Orlando killer Omar Mateen claimed responsibility for his assault in a 911 call during the massacre, identifying himself as an Islamic soldier, according to partial transcripts released Monday that were scrubbed of any references to the Islamic State terror group. Utv Pakistan Report
“Praise be to God, and prayers as well as peace be upon the prophet of God [in Arabic]. I let you know, I’m in Orlando and I did the shootings,” Mateen told a 911 dispatcher during a 50-second phone call at 2:35 a.m. on June 12.
“I pledge allegiance to [omitted] may God protect him [in Arabic], on behalf of [omitted],” Mateen told the dispatcher.
The Justice Department’s release omitted any references to ISIS or Islamic State leader Abu Bakr al-Baghdadi, although Mateen is known from prior FBI statements to have pledged allegiance to the ISIS chief and expressed solidarity with other terrorists.
“As the killer made these statements, he did so in a chilling, calm and deliberate manner,” Assistant Special Agent in Charge Ron Hopper said during a Monday news conference.
The decision to redact certain crucial references was controversial. Speaker of the House Paul Ryan, R-Wis., blasted the move in a statement.
“Selectively editing this transcript is preposterous,” Ryan said. “We know the shooter was a radical Islamist extremist inspired by ISIS. We also know he intentionally targeted the LGBT community. The administration should release the full, unredacted transcript so the public is clear-eyed about who did this, and why.”
Hopper, however, defended the deletions.
“[Mateen] does not represent the religion of Islam, but a perverted view,” Hopper said, later adding: “Part of the redacting is meant to not give credence to individuals who have done terrorist attacks in the past. We’re not gonna propagate their violent rhetoric.”
United States Attorney Lee Bentley was asked if the omissions conflicted with Florida law. He said they did not.
“This is a federal investigation,” Bentley said. “The Attorney General decided upon this limited release.”
According to the Justice Department report, Mateen said twice during the 911 call and at least once during later negotiations that he pledged “allegiance to [omitted].” Investigators said he spoke to negotiators in three different calls at 2:48 a.m., 3:03 a.m. and 3:24 a.m. The longest call was the second at 16 minutes. The third call, at three minutes, was the shortest. The first call lasted nine minutes.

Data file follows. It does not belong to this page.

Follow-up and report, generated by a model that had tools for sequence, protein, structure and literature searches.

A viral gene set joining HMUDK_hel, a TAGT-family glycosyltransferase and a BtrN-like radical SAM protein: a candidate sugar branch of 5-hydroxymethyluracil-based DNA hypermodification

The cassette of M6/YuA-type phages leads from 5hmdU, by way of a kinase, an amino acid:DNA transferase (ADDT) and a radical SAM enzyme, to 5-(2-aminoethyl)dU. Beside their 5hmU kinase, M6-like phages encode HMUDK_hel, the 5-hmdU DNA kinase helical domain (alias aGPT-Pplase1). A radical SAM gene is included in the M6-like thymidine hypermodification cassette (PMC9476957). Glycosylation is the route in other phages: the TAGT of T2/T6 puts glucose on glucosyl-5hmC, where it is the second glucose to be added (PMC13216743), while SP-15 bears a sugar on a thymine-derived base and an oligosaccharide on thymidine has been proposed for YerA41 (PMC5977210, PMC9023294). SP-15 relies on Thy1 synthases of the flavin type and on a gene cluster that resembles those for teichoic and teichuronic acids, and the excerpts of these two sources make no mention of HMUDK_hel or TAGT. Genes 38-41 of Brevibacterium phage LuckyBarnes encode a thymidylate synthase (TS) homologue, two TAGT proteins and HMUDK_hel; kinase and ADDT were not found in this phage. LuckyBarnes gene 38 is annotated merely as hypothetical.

During one call, Mateen told negotiators that the U.S. should stop bombing Syria and Iraq — the countries with regions that comprise ISIS’ so-called caliphate. He said the bombings were why he was “out here right now.”
Mateen killed 49 people and wounded 53 more inside the gay nightclub Pulse. He was later killed in a shootout with police.
The calls with crisis negotiators may explain why officials waited three hours — until 5:14 a.m. — before ramming a hole in the side of the club to free hostages and engage Mateen in a final, deadly fight. During those three hours, Mateen was holed up in a bathroom with several hostages, though authorities have said no gun shots were fired during this period.
The summary shows that Mateen told negotiators he had a “vehicle outside that has some bombs. Just to let you know. You people are gonna get it, and I’m gonna ignite it if they try to do anything stupid.”
Mateen claimed he had an explosive vest similar to the kind used by terrorists “in France,” referencing the November terror attack in Paris.
“In the next few days, you’re going to see more of this type of action going on,” Mateen said.
He also reportedly told hostages that he would put suicide vests on them.
No explosives were ever found on Mateen inside the club or in any vehicles outside. Mateen was armed with two guns during the rampage.